Fr. James' Lectionary

The Lectionary is both a reading program for completing all of Holy Scripture on a one year schedule, and a daily comment on a portion of the day's reading wedded to a poem to give an added perspective on the theme.

Location: Amherst, Virginia, United States

Saturday, April 29, 2006

Without Malice: Bible Comment on Deuteronomy 19 with poem by Abraham Lincoln, With Malice Toward None

Daily Readings
Proverbs 1, Numbers 25, Deuteronomy 19, Matthew 23

Daily Text: Deuteronomy 19

Without Malice
To be free of evil, without malice, protecting the innocent while upholding the right of the avenger, seems to be a fair summary of Deuteronomy 19. Deuteronomic Torah is an admixture of religious and social law. It seems to make little differentiation between the two. As in chapter 17:7, 12 the notion of purging evil from the national body politic is repeated twice and perhaps a third time in Deuteronomy 19 (cf. 13, 19 [21]). Purging evil seems to rest at the core of Israel’s religious and legal framework.

In the center of all of the references to the cities of refuge and the requirement for more than one witness, there falls this reference to not moving ancestral boundary markers (19:14). D. Hoffmann wrote, “The law follows the warning (verse 13) to purge the land of innocent blood. Moving a landmark defiles the land like spilled blood” [185:1472]. A malicious witness is surely as likely in such a case as in the case of manslaughter. Purge the land of malice.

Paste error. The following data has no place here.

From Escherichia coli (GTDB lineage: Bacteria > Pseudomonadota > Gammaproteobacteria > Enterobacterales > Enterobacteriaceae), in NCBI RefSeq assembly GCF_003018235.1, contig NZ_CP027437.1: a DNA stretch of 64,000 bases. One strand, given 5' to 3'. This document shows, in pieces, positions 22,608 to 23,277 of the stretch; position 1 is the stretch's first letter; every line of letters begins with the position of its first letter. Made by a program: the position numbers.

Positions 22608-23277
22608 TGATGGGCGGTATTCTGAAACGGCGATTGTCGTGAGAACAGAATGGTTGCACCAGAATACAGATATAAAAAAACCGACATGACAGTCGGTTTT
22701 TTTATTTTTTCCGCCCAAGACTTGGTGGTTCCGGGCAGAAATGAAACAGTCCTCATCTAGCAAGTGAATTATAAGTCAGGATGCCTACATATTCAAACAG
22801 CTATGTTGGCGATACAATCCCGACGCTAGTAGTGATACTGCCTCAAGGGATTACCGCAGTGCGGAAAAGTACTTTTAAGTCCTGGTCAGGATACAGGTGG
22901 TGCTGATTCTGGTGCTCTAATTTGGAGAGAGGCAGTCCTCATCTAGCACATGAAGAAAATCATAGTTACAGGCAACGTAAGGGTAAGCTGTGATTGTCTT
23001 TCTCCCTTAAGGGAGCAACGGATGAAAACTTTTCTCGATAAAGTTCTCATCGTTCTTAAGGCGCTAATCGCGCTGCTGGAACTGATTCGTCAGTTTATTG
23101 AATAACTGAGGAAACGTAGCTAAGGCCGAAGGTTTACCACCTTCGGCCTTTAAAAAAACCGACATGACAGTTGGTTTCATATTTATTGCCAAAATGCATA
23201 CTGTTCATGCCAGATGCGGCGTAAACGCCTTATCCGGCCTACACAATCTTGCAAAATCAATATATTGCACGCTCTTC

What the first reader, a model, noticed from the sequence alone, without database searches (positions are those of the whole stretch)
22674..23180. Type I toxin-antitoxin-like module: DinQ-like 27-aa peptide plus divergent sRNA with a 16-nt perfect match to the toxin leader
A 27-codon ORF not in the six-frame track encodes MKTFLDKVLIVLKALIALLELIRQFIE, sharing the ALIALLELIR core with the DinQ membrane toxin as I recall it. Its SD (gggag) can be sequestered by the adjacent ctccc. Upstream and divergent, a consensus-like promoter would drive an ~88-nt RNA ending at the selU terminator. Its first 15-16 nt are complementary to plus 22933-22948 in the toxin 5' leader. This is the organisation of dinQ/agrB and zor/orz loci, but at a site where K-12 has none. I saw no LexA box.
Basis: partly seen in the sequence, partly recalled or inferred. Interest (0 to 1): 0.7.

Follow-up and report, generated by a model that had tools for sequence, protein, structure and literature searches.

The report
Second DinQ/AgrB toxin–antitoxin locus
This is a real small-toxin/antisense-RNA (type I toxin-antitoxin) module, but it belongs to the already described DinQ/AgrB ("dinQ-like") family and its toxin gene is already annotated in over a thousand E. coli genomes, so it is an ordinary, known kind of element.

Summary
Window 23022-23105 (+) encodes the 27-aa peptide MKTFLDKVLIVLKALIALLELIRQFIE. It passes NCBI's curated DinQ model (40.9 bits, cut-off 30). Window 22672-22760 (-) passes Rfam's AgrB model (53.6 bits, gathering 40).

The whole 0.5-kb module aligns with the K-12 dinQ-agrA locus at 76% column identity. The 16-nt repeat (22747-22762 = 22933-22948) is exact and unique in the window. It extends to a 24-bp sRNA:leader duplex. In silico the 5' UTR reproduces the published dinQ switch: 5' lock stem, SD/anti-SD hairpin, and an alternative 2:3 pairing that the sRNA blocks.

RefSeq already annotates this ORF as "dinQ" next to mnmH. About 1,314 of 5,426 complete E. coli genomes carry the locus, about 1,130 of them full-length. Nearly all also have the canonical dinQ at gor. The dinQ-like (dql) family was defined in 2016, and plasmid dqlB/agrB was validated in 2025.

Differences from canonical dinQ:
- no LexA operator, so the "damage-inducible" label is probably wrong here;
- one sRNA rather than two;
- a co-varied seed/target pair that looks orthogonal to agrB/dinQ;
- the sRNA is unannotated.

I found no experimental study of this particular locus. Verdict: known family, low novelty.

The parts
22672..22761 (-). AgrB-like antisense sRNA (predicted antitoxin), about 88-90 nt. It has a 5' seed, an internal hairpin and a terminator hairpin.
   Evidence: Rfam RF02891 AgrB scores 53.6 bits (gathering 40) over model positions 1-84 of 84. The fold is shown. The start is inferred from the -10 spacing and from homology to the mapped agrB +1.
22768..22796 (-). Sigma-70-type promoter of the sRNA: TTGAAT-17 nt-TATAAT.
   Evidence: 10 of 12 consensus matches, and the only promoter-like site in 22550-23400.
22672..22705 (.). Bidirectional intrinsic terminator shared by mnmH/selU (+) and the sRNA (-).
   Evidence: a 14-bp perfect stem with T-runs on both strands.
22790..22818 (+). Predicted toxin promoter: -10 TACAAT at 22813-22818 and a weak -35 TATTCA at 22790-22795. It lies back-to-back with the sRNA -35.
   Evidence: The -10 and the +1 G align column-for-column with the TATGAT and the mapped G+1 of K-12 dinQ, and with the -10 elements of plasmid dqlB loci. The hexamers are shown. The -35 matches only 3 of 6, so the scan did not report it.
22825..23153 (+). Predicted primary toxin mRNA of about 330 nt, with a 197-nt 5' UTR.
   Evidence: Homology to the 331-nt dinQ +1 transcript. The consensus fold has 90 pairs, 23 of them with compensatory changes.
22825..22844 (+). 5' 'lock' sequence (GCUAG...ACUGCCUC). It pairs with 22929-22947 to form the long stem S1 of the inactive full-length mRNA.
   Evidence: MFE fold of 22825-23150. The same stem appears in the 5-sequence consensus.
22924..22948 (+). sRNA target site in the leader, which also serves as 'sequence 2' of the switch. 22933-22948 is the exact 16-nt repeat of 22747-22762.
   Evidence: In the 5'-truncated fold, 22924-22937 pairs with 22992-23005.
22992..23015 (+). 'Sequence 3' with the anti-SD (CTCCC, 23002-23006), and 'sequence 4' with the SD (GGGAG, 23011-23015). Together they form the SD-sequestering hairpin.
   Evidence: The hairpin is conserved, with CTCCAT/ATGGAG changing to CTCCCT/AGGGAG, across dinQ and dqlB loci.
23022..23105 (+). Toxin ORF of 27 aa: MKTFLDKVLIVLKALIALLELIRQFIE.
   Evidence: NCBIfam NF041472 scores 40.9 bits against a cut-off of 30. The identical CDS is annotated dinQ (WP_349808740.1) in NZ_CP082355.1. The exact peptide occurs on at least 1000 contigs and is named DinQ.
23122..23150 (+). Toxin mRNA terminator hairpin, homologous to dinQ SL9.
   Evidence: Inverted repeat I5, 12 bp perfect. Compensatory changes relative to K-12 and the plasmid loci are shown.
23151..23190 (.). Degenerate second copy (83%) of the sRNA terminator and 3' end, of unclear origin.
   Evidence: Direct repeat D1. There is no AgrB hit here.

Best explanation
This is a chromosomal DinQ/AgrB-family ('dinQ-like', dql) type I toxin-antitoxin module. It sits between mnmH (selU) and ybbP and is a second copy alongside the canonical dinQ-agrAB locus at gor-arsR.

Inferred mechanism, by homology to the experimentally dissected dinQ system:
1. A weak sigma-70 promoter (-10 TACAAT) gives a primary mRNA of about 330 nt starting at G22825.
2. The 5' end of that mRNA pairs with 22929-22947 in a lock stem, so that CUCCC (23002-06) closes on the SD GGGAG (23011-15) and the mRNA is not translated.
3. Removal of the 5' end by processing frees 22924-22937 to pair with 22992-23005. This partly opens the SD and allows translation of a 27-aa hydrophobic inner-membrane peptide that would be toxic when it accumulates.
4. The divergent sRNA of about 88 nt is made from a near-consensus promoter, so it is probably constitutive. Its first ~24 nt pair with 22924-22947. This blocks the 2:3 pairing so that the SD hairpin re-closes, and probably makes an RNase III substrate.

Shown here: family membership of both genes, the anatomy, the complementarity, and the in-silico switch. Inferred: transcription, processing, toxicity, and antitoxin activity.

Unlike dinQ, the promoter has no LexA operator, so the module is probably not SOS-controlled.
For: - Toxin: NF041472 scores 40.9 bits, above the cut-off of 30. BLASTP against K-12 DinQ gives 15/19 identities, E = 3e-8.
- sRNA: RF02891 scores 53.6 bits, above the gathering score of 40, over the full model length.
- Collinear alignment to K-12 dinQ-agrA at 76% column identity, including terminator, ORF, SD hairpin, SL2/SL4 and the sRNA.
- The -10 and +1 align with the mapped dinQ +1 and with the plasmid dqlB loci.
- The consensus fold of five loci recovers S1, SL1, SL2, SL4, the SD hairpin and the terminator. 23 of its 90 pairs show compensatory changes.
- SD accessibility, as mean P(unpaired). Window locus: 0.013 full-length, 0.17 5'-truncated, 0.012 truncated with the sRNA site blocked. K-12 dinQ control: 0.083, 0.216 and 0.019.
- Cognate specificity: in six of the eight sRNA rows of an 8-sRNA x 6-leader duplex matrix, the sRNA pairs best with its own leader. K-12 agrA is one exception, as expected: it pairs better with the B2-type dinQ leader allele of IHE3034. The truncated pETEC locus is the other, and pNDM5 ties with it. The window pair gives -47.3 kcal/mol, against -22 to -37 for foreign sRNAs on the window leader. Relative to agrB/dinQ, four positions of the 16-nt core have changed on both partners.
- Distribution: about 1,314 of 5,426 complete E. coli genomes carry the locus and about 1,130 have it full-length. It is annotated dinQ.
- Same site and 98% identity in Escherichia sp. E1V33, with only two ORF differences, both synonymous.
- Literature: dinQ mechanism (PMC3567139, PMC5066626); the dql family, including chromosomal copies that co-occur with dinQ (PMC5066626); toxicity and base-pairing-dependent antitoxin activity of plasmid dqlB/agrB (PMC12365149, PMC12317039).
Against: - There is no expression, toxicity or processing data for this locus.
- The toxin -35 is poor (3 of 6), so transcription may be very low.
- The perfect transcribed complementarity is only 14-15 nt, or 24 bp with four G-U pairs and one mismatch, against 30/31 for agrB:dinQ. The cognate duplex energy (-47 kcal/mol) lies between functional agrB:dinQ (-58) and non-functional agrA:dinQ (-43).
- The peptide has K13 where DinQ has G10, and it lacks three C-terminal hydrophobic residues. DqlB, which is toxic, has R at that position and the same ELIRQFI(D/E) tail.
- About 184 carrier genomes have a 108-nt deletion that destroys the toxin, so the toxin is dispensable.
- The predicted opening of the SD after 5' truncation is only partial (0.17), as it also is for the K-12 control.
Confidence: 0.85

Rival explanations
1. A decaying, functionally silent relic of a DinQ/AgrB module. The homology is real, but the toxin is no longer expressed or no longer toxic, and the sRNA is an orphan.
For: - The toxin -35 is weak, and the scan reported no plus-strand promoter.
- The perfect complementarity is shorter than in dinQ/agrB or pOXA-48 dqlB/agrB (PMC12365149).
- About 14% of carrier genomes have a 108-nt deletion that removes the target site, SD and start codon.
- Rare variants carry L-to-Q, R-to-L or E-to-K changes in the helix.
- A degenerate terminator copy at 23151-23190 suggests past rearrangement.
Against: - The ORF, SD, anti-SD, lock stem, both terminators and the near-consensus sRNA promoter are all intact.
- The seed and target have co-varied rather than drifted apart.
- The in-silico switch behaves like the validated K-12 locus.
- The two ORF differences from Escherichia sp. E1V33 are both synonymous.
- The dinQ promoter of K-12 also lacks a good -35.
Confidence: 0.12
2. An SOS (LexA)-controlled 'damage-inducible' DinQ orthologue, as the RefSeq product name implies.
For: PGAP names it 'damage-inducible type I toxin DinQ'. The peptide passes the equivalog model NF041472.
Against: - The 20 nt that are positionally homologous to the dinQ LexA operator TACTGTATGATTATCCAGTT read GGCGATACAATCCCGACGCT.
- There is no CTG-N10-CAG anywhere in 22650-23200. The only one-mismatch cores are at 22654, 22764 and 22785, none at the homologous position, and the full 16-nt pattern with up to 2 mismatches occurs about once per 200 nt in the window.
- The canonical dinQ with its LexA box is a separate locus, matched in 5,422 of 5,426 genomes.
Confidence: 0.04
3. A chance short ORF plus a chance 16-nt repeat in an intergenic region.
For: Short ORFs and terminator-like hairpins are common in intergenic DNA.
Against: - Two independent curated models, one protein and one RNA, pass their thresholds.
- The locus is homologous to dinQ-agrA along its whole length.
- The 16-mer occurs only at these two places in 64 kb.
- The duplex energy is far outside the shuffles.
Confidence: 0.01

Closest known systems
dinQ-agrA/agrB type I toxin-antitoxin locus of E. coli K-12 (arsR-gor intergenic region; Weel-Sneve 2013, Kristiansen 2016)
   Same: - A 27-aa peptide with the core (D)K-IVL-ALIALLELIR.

With Malice Toward None
from the Second Inaugural Address, March 4, 1865
Abraham Lincoln,

With malice toward none;
With charity for all;
With firmness in the right, as God gives us to see the right,
Let us strive on to finish the work we are in’
To bind up the nation’s wounds;
To care for him who shall have borne the battle,
And for his widow,
And his orphan—
To do all which may achieve and cherish a just and lasting peace among ourselves,
And with all nations.

Collect for the Day
O God, who hast bound us together in this bundle of life, give us grace to understnd how our lives depend upon the courage, the industry, the honesty, and the integrity of our fellow-men; that we may be mindful of their needs, grateful for their faithfulness, and faithful in our responsibilities to them; through Jesus Christ our Lord. [286:71:201 Reinhold Niebuhr, 1892-1971]


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